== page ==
However, most players when they see a monograph on an opening, think aah haa!! that's what I need to become a better player instead of understanding the ideas behind openings.
That's why I thought of posting the game in question so that players may get an idea of Black replies to the Levenfish :-)
Very True! I even fall to that trick alot and to anyone who has read my article the Levenfish is not indestructible. It is perhaps the best trap opening i know that black doesnt have to play stupidly to fall for, he just has to fianchetto his bishop which would be his book move in most lines.
In the recent book by Edward Dearing 'Play the Dragon Sicilian' he writes (p.238):
'A well prepared Dragon player should blast the Levenfish off the board'!
Well in reality the Dragon and Levenfish are equal battles, but if i was writing a book on the dragon i would probably write that too :-)
Thanks a lot for the article. The Dragon Sicilian is one of my favorite openings against 1.e4. I have no major problem against the Yugoslav, but I'll take a better look at this line.
Yes, I knew the line. Black should play very carefully because white has a lot of posibilities of getting advantage in the opening itself. The second game is - as far as I know - the correct way of defense, with about equal chances.
gr8 work spohn
Thanks for the ideas!
I consider the line with 6.... Nc6 as the best practical choice for black. After 7. NxN bxN and 8.e5 Nd7 9.exd6 exd6 Be3 Be7 black is fine, due to his nice controll of the centre squares, and his possibilies of counter attack are not inferior the those in the yugoslav (though you have to play precisely of course). After 9.Bc4 I would consider to play for d5 anyway, restricting this attacking bishop and aiming for centre controll (via e6 and d5 for example).
By the way, I gave up playing the dragon with black, because you have a quite unpleasent choice: You can either learn incredible amounts of theory, or you can work out a suprisingly narrow repertoire, based on transposition and two (!) main lines (exchange on d4 against the Weresov and the Topalov against the yugoslav), but allowing white to get a drawn ending virtually by force. But then the dragon is no attacking weapon any longer, but leaves you with a dull ending, which is very unpleasent against inferior opponents. I am referring to a line like: 1.e4 c5 2.Nf3 d6 3. d4 cxd 4.Nxd4 Nf6 5.Nc3 g6 6.Be3 Bg7 7.f3 0-0 8.Qd2 Nc6 9.0-0-0 Nxd4 10.Bxd4 Be6 11.h4 Qa5 12.Qg5!? and black is practically forced to trade the queens, with a minimal plus for white and a very likely draw to come. (there are a lot such lines, this is just an example!)You can only avoid this line by learning the complicated pawn sac 9....d5, that includes exchange sacs in some lines, too.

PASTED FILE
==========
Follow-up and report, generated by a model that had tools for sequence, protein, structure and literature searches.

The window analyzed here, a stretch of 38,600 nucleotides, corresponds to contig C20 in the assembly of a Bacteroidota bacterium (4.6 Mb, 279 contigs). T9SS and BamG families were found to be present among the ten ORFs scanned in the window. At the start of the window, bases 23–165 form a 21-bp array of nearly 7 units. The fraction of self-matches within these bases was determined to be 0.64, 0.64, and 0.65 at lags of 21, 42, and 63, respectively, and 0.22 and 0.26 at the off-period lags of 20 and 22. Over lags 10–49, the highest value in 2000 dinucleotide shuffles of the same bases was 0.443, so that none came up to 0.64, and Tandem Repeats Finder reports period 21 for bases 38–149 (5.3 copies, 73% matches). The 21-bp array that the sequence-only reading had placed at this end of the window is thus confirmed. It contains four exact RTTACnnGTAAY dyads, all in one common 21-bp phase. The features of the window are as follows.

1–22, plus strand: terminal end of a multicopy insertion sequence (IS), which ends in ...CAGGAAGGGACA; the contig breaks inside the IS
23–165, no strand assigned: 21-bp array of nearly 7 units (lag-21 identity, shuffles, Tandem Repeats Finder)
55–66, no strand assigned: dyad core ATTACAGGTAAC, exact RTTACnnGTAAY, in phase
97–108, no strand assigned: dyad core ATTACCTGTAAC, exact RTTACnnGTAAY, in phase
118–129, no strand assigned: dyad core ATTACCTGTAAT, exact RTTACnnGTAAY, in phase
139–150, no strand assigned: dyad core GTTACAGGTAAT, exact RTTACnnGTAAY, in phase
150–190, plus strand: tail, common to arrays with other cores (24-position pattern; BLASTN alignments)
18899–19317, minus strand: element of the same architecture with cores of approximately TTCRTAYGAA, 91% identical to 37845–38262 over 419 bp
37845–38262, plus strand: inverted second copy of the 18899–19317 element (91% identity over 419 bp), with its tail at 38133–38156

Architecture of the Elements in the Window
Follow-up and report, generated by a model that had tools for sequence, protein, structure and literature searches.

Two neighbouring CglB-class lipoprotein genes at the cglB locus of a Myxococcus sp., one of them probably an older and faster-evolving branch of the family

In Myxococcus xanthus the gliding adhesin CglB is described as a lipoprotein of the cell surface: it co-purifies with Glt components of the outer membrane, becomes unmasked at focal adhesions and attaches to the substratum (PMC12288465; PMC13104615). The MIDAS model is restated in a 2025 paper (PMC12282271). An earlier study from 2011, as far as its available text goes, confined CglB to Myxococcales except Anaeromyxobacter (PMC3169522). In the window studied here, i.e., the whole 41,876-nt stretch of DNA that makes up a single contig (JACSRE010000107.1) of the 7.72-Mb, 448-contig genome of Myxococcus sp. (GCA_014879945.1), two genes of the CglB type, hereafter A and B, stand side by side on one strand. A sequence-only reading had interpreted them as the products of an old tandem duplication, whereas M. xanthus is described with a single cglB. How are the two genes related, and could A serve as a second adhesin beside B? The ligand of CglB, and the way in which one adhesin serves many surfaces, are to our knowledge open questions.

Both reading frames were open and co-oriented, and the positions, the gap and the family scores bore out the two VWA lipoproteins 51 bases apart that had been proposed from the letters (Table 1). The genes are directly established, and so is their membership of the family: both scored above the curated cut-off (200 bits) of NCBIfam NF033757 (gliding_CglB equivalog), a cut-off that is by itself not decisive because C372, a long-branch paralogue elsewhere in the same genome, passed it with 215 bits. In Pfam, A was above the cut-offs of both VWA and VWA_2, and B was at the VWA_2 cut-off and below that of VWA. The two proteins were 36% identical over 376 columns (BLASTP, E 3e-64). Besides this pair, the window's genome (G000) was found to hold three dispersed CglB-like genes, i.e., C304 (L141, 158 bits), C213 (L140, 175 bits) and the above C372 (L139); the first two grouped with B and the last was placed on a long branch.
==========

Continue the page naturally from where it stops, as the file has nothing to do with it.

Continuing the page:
So I decided that I spend too much time on dragon lines and opt for the fairly easy but active and sometimes still suprising Kalashnikov (e4 c5 Nf3 Nc6 d4 cxd Nxd4 e5 Nb5 d6!?). Though this might not be to everyone's taste, you can see, that Dragon players suffer from the promblem, too, how to meet specific variations... :-);
with white I don't have the problem how to meet the dragon, because I prefer the positional closed variations against the sicilian, which is very easy to learn and play, compared with the open sici, and by no means inferior to it. So this seems to be a perfect practical choice for club players (and even some world champs as Karpov, Smyslov Spassky, and some vice champs like Adams or Short :0) ).
Have a nice time
Louis Lima 7/7/2006
I enjoyed this article very much, and agree the Levenfish takes Black off known paths very quickly. I'd had to learn how to deal with as Black. By the way, speaking of sayings, there is a quote by Eduard Gufeld. He says that the serious Sicilian Dragon player studies six exchange sacrifices on c3 before breakfast every morming! : )
Recently played a game as white in which the response was 6....e5 by black. is it still best to exchange the f pawn or let black take it and 1/2 open the e file? What response makes the most sense. I responded with 7 fxe5 but then after a couple blunders unrelated to this move, I lost. But I got to wondering about simply advancing the f pawn. any thoughts?
Play the accelerated dragon - it cuts out the levenfish completely!